If your roof has a conventional slope you could pay anywhere from $3.50 to $9.00 per square foot due to the wider range of materials available for this roof type.
Roofs with a steep slope cost the most, averaging around $5 to $12 per square foot because of the necessary precautions roofers need to complete the job safely.
The materials used to replace your roof will make up about 40% of your cost.
This is where you can significantly affect the total cost of your roof replacement project.
As the homeowner, you get to choose the type of materials you want and how much you’re willing to spend on those materials.
Some popular roof materials are:
While the material you choose will impact the cost of your roof replacement, it will also impact your roof’s life and the resale value of your home.
You may be inclined to go with a cheaper material to save costs, but investing in a more expensive material could lead to higher bids when you choose to sell your home.
Below you’ll find a handy chart that lists out the different types of roofing materials you can choose from along with their expected costs and lifespan.
*costs based on 2,200 sq. ft. home
This table should give you a baseline to understand what the estimated cost for materials will be.
Take note that there are different types and qualities within each of the above categories.
For example, if you want metal roofing, but want to keep costs low, you can choose galvanized steel.
Maybe the roof of your home is just damaged and you’d like to explore repairing the damaged section as opposed to replacing the entire thing.
Before you embark down that road, it’s best to consult with a roofing expert to make sure a little patching is all your roof needs.
Simple repairs like replacing shingles or repairing roof leaks can extend the life of your roof for another 10-15 years allowing you to push that total roof replacement cost down the road.
Minor roof repairs will only cost you an average of $320 to $1,400 if you have a standard asphalt roof.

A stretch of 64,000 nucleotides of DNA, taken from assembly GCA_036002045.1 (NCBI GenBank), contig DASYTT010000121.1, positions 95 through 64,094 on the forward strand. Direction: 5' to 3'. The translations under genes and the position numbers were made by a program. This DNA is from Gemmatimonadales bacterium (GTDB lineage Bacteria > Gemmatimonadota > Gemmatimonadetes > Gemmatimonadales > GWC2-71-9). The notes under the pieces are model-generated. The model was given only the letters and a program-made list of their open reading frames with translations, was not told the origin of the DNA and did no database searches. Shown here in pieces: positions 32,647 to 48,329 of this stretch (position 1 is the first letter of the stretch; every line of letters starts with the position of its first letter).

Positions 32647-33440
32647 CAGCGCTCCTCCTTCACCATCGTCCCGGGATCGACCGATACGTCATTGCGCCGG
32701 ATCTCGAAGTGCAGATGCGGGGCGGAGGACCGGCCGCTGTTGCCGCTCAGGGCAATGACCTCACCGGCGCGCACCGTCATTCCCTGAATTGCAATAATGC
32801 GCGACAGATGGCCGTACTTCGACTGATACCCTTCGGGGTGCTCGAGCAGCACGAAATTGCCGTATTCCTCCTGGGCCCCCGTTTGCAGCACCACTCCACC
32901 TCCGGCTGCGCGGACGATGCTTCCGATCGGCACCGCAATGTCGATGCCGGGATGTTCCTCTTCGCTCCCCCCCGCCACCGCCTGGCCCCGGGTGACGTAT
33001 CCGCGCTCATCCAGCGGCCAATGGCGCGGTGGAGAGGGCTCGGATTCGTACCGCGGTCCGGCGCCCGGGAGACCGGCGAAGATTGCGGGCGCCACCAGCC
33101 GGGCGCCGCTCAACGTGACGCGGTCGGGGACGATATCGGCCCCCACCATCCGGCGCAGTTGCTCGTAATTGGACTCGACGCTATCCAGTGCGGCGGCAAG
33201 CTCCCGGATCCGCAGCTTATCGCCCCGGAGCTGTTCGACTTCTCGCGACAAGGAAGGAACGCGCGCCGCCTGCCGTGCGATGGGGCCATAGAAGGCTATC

If your repair requires premium materials you can expect to pay more.
The hourly rate for labor is around $45 to $65 an hour.
There are only so many times you can repair your roof before a total roof replacement becomes necessary. So, when those repairs start to pile up, it may be time to start putting money aside for your eventual roof replacement.
Roof replacement is never a fun cost to bear.
But there are ways to minimize the hit your bank account will take.
If you’re able to plan ahead for your roof replacement, aim to have it done during the roofers’ slow season.
Early spring and early winter are prime times to have your roof replaced as this is outside of peak roofing season.
You should be able to find some decent deals from roofers looking for business.
While there are definite pros to splurging on the roofing material, you won’t be able to enjoy them until years down the road.
If your budget is tight right now, it would be best to stick with traditional asphalt shingles.
While they may not add to the value of your home or last as long as tile or metal roofing, they’ll save you a decent chunk of change.
Depending on your homeowners insurance policy and the reason for the re-do, your roof replacement may be eligible to be covered by insurance.
Talk to an experienced roofer first to have them determine the extent and cause of the damage.
And be sure to get their opinion on whether they think the replacement could be covered by insurance or not. Then speak with your agent to initiate the claim.
With a renovation as big and expensive as a roof replacement, you want to take as much guesswork out of the process as possible.
HOVER creates accurately-measured, customizable 3D models of homes from smartphone photos so homeowners can visualize their projects before they start.